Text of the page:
UK lawmakers will begin an inquiry into a “giant hole” in energy policy left by the collapse of nuclear projects, amid claims that the newly-launched offshore wind sector deal is “woefully inadequate” to fill the gap.

The House of Commons Business, Energy and Industrial Strategy Committee, chaired by Labour MP Rachel Reeves, will probe how shelved investment decisions over nuclear plants at sites such as Moorside and Wylfa “have left the UK facing a giant hole in its energy policy”.

“This heightens concerns that the government is not doing more to encourage alternatives such as offshore wind and other renewables,” said Reeves.

John Sauven, executive director of Greenpeace UK, branded as “woefully inadequate” the government’s new offshore wind ‘sector deal’ with its target to reach 30GW of capacity by 2030, and called for more renewables to fill the future supply shortfall.

Sauven warned as the new nuclear reactor programme now appears unlikely to produce more than one new power station by 2030, and certainly not the six planned, there is a huge shortfall in the UK’s projected capacity looming in the second half of the next decade.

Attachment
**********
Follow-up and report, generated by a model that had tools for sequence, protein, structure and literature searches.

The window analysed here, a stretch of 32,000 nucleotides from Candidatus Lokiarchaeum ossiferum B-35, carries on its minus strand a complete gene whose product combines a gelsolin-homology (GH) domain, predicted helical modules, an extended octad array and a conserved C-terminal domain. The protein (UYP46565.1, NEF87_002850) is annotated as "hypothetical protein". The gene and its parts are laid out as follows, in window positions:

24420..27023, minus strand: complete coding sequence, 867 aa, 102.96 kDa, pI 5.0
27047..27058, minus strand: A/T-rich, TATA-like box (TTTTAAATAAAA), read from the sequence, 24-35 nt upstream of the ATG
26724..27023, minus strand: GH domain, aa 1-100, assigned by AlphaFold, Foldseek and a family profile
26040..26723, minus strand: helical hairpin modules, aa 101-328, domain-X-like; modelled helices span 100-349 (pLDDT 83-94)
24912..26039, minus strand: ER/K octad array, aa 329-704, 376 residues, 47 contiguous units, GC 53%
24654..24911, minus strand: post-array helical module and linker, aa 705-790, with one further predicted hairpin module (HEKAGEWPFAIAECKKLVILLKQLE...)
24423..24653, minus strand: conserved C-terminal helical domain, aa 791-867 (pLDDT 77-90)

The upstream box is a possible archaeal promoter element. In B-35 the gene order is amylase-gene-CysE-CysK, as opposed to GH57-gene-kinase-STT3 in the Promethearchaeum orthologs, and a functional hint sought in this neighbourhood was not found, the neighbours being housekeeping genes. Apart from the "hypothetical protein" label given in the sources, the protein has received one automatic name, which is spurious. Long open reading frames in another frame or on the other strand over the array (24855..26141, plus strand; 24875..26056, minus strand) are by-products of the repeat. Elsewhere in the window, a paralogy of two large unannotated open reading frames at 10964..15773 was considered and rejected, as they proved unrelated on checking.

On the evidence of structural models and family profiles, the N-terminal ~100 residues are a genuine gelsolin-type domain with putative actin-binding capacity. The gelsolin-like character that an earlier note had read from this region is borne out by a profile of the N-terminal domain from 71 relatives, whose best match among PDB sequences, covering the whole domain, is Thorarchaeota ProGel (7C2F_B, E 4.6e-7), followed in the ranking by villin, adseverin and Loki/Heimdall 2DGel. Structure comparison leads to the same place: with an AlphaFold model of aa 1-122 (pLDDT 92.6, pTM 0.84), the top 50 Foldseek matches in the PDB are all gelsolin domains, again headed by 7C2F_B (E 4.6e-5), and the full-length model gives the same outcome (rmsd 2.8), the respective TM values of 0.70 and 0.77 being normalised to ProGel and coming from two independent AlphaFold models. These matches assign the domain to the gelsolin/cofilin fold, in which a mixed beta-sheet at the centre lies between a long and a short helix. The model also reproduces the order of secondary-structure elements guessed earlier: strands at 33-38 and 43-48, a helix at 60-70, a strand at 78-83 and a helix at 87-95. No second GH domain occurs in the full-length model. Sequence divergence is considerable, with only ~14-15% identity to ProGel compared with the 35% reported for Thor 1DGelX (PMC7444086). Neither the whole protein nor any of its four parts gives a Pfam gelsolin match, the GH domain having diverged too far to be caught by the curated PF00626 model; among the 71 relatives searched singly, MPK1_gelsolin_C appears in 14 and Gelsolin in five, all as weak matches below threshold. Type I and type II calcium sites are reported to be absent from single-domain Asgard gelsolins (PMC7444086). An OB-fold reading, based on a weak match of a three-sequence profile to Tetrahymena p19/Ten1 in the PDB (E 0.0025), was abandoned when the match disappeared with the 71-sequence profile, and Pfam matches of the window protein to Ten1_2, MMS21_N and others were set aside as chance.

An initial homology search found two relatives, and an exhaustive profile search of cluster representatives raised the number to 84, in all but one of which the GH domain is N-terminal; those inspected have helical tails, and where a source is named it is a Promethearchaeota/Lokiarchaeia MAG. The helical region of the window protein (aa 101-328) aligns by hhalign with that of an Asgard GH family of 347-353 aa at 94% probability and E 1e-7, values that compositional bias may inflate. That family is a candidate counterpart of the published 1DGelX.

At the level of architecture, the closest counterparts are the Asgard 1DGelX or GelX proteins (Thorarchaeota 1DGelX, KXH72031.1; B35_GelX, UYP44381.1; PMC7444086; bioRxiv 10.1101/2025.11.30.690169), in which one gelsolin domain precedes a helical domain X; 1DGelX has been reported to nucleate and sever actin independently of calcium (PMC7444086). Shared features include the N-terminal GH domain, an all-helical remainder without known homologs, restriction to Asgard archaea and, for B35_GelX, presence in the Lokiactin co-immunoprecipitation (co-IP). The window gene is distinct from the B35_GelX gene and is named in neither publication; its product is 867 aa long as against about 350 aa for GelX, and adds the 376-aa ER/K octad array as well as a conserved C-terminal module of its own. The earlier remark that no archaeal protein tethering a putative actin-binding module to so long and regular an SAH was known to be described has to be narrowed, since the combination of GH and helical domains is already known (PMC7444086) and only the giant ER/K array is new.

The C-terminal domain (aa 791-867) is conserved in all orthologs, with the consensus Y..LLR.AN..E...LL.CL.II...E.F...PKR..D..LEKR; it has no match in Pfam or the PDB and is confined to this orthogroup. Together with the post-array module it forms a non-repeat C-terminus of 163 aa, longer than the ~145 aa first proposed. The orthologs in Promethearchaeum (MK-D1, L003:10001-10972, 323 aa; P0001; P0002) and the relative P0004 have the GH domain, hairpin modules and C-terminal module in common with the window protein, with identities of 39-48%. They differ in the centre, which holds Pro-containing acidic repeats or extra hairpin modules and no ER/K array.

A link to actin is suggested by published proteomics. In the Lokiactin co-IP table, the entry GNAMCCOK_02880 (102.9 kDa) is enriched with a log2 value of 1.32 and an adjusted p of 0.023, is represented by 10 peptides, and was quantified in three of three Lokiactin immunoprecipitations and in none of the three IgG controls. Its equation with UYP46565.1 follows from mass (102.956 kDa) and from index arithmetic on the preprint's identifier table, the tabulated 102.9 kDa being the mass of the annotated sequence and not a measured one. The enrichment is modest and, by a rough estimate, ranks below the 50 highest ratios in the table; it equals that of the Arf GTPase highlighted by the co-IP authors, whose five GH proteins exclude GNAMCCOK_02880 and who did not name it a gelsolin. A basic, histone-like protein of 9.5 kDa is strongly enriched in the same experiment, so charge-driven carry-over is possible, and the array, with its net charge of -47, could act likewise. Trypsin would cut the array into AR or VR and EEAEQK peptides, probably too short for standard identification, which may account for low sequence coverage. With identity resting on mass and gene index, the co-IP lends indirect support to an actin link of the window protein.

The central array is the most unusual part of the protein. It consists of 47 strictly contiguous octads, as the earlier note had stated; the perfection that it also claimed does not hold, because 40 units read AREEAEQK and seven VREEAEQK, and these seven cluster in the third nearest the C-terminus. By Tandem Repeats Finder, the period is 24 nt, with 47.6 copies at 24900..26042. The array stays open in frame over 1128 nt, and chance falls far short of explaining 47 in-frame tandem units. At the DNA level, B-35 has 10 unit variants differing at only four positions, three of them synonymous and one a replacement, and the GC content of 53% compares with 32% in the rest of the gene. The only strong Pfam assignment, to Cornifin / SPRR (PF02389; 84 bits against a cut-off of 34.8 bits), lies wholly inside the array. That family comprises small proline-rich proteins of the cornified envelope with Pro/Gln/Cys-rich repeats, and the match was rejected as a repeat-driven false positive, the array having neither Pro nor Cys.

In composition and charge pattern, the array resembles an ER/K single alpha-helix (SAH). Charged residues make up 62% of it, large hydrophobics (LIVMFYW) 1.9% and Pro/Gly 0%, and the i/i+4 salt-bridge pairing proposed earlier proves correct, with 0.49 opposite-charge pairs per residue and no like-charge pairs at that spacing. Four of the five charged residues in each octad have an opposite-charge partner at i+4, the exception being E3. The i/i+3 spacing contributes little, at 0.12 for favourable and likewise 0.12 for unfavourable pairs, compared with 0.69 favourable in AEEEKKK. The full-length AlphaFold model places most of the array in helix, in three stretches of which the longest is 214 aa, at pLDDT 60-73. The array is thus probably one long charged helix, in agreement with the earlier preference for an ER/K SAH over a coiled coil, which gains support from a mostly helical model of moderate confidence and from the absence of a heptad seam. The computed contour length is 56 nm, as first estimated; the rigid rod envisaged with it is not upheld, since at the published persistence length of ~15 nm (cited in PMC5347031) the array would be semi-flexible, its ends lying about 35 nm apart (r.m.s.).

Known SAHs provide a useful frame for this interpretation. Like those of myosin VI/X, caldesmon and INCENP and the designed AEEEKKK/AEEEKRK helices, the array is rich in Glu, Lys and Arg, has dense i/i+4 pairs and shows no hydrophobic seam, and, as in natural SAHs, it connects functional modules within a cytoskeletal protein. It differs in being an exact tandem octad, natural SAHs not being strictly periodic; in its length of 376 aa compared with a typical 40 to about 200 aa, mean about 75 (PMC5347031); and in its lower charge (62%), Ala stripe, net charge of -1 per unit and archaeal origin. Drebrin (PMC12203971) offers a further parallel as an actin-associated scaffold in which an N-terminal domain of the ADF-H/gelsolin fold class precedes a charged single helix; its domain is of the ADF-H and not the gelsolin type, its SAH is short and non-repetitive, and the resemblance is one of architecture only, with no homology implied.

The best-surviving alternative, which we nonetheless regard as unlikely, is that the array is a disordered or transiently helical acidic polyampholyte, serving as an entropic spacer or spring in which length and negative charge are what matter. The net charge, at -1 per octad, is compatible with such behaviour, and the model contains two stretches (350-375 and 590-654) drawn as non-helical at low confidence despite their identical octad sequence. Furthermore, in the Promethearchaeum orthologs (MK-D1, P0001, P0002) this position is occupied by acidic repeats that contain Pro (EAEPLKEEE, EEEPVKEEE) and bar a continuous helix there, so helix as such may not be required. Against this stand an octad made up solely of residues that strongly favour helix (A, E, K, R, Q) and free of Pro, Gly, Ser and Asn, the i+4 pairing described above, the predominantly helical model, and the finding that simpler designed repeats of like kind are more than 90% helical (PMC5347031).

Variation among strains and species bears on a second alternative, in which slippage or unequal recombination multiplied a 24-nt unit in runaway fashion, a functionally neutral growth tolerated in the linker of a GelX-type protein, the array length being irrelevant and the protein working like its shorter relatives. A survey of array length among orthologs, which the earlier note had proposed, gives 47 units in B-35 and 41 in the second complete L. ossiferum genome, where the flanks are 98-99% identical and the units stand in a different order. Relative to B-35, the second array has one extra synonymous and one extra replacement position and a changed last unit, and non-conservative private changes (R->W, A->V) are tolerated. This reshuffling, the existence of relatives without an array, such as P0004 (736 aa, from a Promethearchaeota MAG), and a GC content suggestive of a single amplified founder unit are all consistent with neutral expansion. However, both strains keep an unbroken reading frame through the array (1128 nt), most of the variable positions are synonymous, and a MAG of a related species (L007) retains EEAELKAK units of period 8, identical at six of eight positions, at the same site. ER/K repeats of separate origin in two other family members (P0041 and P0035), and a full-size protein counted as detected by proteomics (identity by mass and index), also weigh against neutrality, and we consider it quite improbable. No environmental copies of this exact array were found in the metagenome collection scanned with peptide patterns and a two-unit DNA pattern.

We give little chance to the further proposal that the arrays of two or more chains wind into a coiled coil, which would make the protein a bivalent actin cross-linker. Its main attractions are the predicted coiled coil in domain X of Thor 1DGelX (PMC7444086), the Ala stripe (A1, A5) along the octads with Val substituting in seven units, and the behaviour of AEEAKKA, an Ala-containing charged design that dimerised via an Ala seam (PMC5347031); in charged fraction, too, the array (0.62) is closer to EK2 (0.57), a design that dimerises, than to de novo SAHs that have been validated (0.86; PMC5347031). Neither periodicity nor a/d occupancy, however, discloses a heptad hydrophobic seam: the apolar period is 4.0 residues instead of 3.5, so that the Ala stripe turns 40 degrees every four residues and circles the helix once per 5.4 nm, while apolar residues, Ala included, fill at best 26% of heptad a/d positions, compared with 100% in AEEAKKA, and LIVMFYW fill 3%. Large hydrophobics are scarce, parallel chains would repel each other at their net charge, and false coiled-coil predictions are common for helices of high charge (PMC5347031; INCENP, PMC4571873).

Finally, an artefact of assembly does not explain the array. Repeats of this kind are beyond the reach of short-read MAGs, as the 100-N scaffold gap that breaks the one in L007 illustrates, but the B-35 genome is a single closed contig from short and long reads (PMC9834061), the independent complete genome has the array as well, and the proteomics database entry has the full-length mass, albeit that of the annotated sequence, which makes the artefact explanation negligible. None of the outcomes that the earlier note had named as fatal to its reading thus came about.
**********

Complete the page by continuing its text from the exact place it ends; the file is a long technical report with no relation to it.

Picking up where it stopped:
A Greenpeace UK briefing called Filling the Energy Gap calls for wind and solar capacity to be tripled in the UK between now and 2030, with offshore wind the future backbone of the nation's energy system.

“Renewables is a technology where the UK is already a global leader. And we could turn that leadership into more jobs and opportunities to export British know-how to the rest of the world,” said Sauven.

The study concludes that offshore wind will need to hit at least 45GW by 2030, and possibly more, depending whether the government also supports more solar and onshore wind.

The environmental group makes the case for a UK solar target of at least 40GW by 2030, with the money made available, as necessary, from the £557m ($732m) the government has allocated for contracts-for-difference support to bid in future auctions.

It calls for an onshore wind goal of at least 30GW by 2030, delivered through giving the immediate go-ahead to 4GW that is ready to build, and confirming repowering of all existing sites.

“Beyond that, the government must allow onshore wind to bid in CfD auctions where planning permissions are obtained, and alter planning law to enable small scale onshore wind projects to continue in England where there is community acceptance,” says the briefing document.

The UK government is considering publishing an energy white paper in the summer of 2019. However, there is as yet no clarity on what it might cover, coming at a time when government priorities are taken up with its ongoing Brexit problems.